WASHINGTON, D.C. — The U.S. Department of Energy (DOE) today announced the release of a new study that looks at options for more coordinated approaches to managing the electricity grid in the Western United States and shows how regional collaboration can support the delivery of clean, affordable power. 

“The study exemplifies what can be accomplished when we work together,” said Acting Assistant Secretary for Energy Efficiency and Renewable Energy Kelly Speakes-Backman. ”Collaboration between these 11 states showed that a clean, coordinated, affordable grid can bring enormous benefits to consumers. This type of coordinated analysis and planning is a necessity if we hope to reach President Biden’s goal of a decarbonized electricity sector by 2035.”  

In many regions of the county, demand for electricity is served by Regional Transmission Operators (RTOs) that act as the air traffic controllers for the power grid. Using sophisticated analytics, these entities coordinate the delivery of power often in real-time, prioritizing the delivery of low-cost power.  

The two-year study, titled, “Exploring Western Organized Market Configurations: A Western States’ Study of Coordinated Market Options to Advance State Energy Policies (the State Market Study),” compared a “business-as-usual” scenario to a series of theoretical “future case” electricity market structures. At the high end, the study team found annual benefits of up to $2 billion from a western RTO in 2030, although that finding does not include ongoing costs to operate an RTO.  

Collaboration has always been a hallmark in the West. All eleven western states—Arizona, California, Colorado, Idaho, Montana, Nevada, New Mexico, Oregon, Utah, Washington, and Wyoming—provided representatives from both state energy offices and public utility commissions, respectively, for a lead team that guided the study. Energy Strategies, a Salt Lake City-based consultancy provided the technical analysis and facilitation support.  

The State Market Study includes the following key deliverables and findings: 

  • A Technical Report, which offers a both a region-wide and state-specific quantification of economic benefits from potential market options. As noted, while the modeling estimated economic benefits for all market option considered, including RTO alternatives, it was not a net benefit assessment of regional coordination.
  • A Market and Regulatory Review Report comprised of three “Scorecards” that evaluate how an RTO and other wholesale market structures might impact state energy policy objectives.
  • The Scorecards contains metrics to help states rank how market configurations could facilitate three priorities: the increased use of clean energy technologies, the reliable, affordable provision of energy to consumers, and the ability to retain state regulatory authority.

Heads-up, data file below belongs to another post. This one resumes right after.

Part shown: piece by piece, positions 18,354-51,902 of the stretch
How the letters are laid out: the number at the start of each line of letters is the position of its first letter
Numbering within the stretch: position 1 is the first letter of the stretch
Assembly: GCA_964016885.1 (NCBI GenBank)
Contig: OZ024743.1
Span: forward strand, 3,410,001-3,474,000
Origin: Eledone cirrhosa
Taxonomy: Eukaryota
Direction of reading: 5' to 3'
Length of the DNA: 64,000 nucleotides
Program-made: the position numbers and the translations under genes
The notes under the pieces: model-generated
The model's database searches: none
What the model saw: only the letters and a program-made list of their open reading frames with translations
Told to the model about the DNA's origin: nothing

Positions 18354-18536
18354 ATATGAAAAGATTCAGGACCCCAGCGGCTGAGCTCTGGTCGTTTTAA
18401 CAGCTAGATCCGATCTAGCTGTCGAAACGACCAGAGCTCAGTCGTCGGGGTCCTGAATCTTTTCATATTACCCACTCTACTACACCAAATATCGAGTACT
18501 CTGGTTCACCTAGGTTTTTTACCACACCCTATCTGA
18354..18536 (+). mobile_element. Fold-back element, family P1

The study used production cost modeling to simulate the operations of the Western grid in 2020 and the 2030 timeframes under hypothetical market frameworks. It also looked at how operational dispatch, renewable curtailments, carbon emissions, and transmission congestion may be impacted by the same market formations. 

“Policy and technology changes are impacting energy markets across the United States, and the West is no exception,” said Utah Director of the Office of Energy Development, Thom Carter. “While commentators often refer to Western electricity markets as 'balkanized,' cooperation is the norm in the West. We are grateful to have contributed to this study to add to conversations well underway throughout the West.”   

“Colorado appreciates the support of DOE in bringing Western states together to discussion the potential of a Western electricity market to help enhance state’s achieving their energy goals and brining benefits to customers,” said Will Toor, Executive Director of the Colorado Energy Office.   

“With some of the most ambitious clean energy goals and unique resources, the Western States are showing leadership to support a reliable, secure, and flexible grid,” said Pat Hoffman, Acting Assistant Secretary for the Office of Electricity. “Strategic planning and coordinated management are critical components to identifying and prioritizing solutions. The Western States Market report which is a hallmark example of how states can support greater grid flexibility with infrastructure investments.” 

The Western States’ Market Study was funded through a DOE State Energy Program (SEP) competitive award to the Utah Office of Energy Development, in partnership with Colorado, Idaho, and Montana. DOE SEP competitive awards support state energy goals and provide opportunities for regional collaboration and partnerships.  

The market reports are available on the Energy Strategies website.

To learn more about DOE SEP, visit the State Energy Program website.